US court says SEC wrong to deny Grayscale’s spot bitcoin ETF proposal

By Hannah Lang

WASHINGTON (Reuters) – The U.S. Securities and Exchange Commission should have approved an application from Grayscale Investments to create a spot bitcoin exchange-traded fund, a federal appeals court ruled on Tuesday, in a landmark victory for the asset manager that could pave the way for the first product of its kind.

A panel of judges in the District of Columbia Court of Appeals in Washington said the securities regulator was arbitrary and capricious in denying the product because it failed to fully explain its reasoning.

The price of bitcoin, the world’s largest cryptocurrency, was last up 4.71% at $27,333 following the decision.

A spot bitcoin ETF would track its underlying market price, giving investors exposure to the digital asset without the need to buy the currency. The SEC has denied all proposed bitcoin ETFs, including Grayscale’s, saying they do not meet its bar for preventing market manipulation.

In a statement, a Grayscale spokeswoman said the court decision was “a monumental step forward for American investors.”

“The Grayscale team and our legal advisors are actively reviewing the details outlined in the Court’s opinion and will be pursuing next steps with the SEC,” the spokeswoman said.

An SEC spokesperson said the regulator was reviewing the court’s decision in order to determine next steps.

The cryptocurrency industry was quick to hail the ruling. Several other asset managers, including BlackRock, Fidelity and Invesco, have similar filings pending with the SEC for a spot bitcoin ETF.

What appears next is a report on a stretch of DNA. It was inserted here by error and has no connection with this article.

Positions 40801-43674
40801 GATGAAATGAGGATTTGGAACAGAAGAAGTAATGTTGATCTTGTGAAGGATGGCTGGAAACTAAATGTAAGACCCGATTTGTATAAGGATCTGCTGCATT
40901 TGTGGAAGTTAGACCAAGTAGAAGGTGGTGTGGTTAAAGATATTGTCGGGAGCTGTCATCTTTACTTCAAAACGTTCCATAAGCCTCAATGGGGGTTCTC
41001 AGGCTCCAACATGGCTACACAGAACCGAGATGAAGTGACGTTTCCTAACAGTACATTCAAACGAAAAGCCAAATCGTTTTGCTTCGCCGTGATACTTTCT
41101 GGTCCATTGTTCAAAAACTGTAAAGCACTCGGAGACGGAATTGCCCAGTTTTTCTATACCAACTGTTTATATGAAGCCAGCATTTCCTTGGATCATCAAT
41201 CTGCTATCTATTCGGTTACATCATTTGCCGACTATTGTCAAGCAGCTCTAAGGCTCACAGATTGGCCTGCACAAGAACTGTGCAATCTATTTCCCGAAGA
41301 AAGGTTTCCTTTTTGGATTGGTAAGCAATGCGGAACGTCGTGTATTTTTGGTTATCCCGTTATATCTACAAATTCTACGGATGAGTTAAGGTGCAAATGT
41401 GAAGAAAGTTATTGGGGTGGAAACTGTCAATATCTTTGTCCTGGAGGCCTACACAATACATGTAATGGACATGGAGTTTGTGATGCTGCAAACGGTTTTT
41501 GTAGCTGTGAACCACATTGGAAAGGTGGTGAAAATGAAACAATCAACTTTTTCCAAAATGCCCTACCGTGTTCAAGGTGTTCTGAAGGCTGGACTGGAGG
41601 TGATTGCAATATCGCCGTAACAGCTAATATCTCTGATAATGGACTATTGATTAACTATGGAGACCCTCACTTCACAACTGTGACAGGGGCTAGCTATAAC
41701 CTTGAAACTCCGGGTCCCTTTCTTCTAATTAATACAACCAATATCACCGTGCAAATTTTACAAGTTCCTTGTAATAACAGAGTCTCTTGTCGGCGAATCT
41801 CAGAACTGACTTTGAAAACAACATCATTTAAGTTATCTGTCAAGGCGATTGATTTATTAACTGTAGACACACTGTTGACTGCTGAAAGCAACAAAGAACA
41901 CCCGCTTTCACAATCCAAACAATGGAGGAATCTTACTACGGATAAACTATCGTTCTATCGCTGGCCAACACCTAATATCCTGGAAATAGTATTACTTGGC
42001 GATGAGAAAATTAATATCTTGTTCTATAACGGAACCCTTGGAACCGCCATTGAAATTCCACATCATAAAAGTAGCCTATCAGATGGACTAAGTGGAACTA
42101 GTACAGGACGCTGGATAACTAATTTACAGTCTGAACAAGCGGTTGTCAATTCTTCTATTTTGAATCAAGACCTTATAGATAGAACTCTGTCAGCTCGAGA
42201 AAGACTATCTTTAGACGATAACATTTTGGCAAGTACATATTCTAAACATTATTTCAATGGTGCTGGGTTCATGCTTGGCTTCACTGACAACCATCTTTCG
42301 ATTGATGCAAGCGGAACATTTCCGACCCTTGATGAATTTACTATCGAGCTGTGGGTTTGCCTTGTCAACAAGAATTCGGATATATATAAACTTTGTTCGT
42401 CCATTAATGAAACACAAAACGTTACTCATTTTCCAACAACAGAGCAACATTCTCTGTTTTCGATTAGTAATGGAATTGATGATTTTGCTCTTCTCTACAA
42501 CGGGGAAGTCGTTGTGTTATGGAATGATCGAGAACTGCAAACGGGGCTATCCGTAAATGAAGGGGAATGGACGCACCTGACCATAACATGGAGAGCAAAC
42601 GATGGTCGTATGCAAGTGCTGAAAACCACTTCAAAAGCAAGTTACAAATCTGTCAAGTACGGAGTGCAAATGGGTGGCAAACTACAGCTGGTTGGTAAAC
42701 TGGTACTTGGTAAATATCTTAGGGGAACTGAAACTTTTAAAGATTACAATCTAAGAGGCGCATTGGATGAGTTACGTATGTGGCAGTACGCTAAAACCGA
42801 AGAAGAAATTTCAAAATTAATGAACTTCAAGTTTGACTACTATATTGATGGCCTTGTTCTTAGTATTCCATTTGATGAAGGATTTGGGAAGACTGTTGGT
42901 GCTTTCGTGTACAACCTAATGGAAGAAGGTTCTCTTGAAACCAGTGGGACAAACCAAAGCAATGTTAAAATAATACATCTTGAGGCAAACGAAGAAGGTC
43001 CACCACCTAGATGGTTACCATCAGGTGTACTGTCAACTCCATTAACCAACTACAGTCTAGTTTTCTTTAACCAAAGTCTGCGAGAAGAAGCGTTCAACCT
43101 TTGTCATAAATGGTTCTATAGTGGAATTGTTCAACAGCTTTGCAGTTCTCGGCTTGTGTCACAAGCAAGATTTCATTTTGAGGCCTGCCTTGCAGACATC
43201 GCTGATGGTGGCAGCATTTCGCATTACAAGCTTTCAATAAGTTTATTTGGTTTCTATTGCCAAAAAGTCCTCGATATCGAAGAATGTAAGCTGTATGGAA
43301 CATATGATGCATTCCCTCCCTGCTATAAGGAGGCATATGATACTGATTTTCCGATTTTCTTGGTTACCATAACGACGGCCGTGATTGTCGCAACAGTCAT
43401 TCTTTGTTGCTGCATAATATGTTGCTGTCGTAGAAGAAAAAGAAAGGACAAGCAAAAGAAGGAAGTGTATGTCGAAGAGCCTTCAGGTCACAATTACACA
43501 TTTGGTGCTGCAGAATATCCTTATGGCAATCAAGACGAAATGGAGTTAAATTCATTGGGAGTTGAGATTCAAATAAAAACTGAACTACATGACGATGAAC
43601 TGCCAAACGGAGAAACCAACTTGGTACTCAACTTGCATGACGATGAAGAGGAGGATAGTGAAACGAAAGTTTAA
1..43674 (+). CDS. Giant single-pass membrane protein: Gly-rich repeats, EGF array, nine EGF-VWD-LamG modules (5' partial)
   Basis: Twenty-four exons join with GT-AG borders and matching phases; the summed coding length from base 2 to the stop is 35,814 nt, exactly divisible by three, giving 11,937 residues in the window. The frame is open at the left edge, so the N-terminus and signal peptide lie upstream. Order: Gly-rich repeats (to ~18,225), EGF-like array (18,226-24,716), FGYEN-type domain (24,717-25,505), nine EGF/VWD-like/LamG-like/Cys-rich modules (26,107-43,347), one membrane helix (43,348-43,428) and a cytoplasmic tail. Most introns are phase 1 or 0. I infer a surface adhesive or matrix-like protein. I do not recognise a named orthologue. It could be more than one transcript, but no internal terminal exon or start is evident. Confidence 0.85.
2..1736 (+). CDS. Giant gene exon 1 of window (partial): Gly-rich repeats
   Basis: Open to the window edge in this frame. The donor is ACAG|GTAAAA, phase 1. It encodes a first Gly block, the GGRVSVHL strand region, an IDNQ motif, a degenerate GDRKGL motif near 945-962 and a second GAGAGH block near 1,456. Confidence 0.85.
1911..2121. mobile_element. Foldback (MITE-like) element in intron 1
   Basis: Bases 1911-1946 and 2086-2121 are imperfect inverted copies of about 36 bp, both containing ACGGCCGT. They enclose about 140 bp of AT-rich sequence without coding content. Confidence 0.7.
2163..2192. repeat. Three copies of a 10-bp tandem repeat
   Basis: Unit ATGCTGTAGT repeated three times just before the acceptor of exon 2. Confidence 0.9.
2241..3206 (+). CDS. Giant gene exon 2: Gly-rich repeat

“This ruling is not just about Grayscale or Bitcoin, it sets a precedent for the broader crypto industry,” said Ji Kim, general counsel and head of global policy at the Crypto Council for Innovation.


The SEC rejected Grayscale’s application for a spot bitcoin ETF in June 2022, arguing the proposal did not meet anti-fraud and investor protection standards. It cited the same reason in its denial of dozens of other applications for similar products, including those from Fidelity and VanEck.

Grayscale had argued that because the SEC previously approved certain surveillance agreements to prevent fraud in bitcoin futures-based ETFs, the same setup should also be satisfactory for Grayscale’s spot fund, since both spot and futures funds rely on bitcoin’s price.

The court said in its ruling that the SEC failed to explain why it disagreed with Grayscale’s assertion that the bitcoin spot and futures markets are 99.9% correlated.

“The Commission’s unexplained discounting of the obvious financial and mathematical relationship between the spot and futures markets falls short of the standard for reasoned decisionmaking,” the court said in its opinion, which was filed by Judge Neomi Rao of the District of Columbia Court of Appeals.

The ruling is the second major legal victory for the crypto industry in recent weeks, after a judge ruled in July in a case brought by the SEC that Ripple Labs did not violate federal laws by selling its XRP token on public exchanges. The SEC has said it plans to appeal that finding.

The SEC will have 45 days to appeal Tuesday’s ruling. If it does so, the case would go either to the U.S. Supreme Court or an en banc panel review.

If the SEC chooses not to appeal, the court would issue a mandate specifying how its decision should be executed. That could include instructing the SEC to approve the application, or to revisit Grayscale’s application, in which case the SEC could still reject the proposal on other grounds.

It remains to be seen how the ruling might impact proposals submitted in June by BlackRock, the world’s largest asset manager, and several other firms to offer spot bitcoin ETFs. The SEC has yet to deliver a decision on those applications.

(Reporting by Hannah Lang in Washington; Additional reporting by Chris Prentice in New York; Editing by Paul Simao, Matthew Lewis and Tomasz Janowski)